Hosting set to top list of hot call centre trends in 2009
Most companies, and most contact centres, are still following a very traditional IT acquisition model; buy your hardware and software outright, depreciate it over three to five years and then do it all over again. This model is in trouble because it fails to give organisations the flexibility they need to compete in a world that is moving at breakneck speed.
What is needed is for organisations to change their IT cost structures, exploring new, variable-cost options that will allow greater agility and more scope for managing budgets and cutting costs – or scaling up – as the business needs it.
This is one reason why technology hosting is likely to be one of the hottest trends in the contact centre industry during 2009. Hosting, as opposed to outsourcing, allows companies to manage their own contact centre operations efficiently by buying technology services rather than equipment. All the work of integration, maintenance, upgrades and all the rest is done by the hosting provider, who typically offers variable pricing models allowing seats to be added or removed monthly, if necessary.
If financial agility is one reason to opt for hosting, the shortage of available skills is another. This is a global issue, not just one facing South Africa. Contact centres are extraordinarily complex technological environments now, especially with the growing need to integrate multiple media such as email and online chats into unified queues. It is much more efficient to create a pool of skills serving several contact centres than for each one to rely on a few individuals who may not have all the required skills – and who may not be around in six months.
When technology skills come as part of a hosted service package, contact centre managers can spend more time and energy on the work they are best at – managing their employees. People account for around 70 percent of the cost of running a call centre – using technology to manage them more efficiently can make a huge difference to overall profitability.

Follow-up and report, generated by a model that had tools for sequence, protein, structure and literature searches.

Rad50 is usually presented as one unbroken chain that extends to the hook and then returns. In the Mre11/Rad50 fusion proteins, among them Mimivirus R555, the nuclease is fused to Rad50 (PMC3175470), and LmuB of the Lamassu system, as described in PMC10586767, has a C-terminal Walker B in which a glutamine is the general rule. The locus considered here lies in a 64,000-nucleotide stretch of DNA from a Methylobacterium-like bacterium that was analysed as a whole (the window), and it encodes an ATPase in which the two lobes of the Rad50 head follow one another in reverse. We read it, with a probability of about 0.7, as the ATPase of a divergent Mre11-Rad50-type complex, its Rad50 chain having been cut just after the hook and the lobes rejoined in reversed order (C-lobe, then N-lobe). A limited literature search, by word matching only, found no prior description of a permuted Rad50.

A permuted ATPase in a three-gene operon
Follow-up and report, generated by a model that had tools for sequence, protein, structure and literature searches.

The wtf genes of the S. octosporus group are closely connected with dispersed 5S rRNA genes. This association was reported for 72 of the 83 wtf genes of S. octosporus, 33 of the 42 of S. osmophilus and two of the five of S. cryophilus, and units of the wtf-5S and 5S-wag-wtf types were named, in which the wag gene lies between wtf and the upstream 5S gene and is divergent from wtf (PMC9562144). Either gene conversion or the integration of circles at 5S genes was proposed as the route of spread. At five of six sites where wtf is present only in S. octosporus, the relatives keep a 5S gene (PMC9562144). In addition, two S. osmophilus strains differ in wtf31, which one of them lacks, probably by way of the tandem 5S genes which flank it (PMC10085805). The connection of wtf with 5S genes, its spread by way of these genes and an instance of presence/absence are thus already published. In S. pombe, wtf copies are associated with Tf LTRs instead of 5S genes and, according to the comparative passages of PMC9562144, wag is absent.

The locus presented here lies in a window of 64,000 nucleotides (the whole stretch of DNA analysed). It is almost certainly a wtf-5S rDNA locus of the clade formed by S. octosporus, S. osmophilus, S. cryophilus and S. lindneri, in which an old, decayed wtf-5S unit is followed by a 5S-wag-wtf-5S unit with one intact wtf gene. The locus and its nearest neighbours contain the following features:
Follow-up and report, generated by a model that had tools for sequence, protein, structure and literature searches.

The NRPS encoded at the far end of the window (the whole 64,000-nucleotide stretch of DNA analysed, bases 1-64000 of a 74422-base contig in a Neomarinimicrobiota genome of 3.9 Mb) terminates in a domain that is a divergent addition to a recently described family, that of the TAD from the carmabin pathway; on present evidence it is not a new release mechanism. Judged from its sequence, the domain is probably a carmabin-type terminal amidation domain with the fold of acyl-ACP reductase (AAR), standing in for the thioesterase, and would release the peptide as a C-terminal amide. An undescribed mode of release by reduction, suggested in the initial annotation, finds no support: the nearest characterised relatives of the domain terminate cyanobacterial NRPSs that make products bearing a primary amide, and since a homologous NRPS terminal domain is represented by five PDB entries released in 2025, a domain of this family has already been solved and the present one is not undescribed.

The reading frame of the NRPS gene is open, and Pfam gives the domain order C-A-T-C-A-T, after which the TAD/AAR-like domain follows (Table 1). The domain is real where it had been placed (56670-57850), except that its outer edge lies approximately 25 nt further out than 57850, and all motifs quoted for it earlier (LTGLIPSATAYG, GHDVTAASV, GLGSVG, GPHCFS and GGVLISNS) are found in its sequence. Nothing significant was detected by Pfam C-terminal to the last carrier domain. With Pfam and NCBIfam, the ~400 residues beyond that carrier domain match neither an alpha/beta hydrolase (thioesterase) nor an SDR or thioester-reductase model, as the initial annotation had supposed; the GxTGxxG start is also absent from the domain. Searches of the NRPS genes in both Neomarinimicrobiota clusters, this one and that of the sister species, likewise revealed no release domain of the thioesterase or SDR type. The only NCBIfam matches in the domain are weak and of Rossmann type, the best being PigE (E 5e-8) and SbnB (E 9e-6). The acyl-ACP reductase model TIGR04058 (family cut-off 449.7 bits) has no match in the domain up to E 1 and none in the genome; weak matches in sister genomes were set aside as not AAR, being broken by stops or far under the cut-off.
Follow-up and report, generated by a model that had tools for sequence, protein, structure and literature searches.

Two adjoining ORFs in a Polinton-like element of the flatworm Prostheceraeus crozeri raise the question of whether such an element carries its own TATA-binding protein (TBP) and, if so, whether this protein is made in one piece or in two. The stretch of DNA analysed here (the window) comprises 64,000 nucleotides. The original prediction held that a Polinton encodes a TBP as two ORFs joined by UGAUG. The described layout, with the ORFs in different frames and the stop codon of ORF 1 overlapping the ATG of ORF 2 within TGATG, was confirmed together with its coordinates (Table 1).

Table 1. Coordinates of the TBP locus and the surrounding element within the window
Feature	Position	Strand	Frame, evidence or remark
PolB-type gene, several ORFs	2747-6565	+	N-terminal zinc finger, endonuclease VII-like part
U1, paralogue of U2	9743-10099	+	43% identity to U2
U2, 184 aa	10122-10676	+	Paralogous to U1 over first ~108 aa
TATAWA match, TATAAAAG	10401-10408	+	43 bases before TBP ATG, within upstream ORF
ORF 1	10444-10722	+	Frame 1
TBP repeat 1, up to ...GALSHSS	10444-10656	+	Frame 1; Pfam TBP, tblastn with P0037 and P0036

Hosted contact centre packages offer not just the standard technology for making, receiving and recording calls, but also a range of monitoring and reporting tools to make management of both people and costs easier. A few years ago it was enough to be able to report that 80 percent of calls had been answered within 20 seconds – but we have all learned that purely numbers-based monitoring that ignores the quality of the customer experience can backfire.
Now the challenge for contact centre managers is to balance employee productivity against customer experience, a tricky task that requires finely tuned reporting tools. Without hosting to spread the costs, these tools would be beyond the reach of smaller contact centres.
Hosted services also have the advantage of providing a single point of contact when things go wrong. Instead of bouncing between vendors who keep passing the problem on to someone else, clients have a single service provider – who is bound by an SLA and may face penalties if the service is not restored promptly.
Why has it taken so long for hosted contact centre services to make an impact on the market? The simple answer is that until very recently it was not even possible, thanks to high bandwidth costs and technical constraints. The choices were either to host your contact centre in-house, or outsource the whole thing. Now it is possible to have the technology hosted, leaving contact centres to own and manage their own customer interfaces.
In this context, any time spent managing technology is time not spent managing customers and making sales. For contact centre operators tightening the belts for what may be a couple of lean years ahead, this is not a problem they can afford to have.– Jed Hewson (Opinion Piece)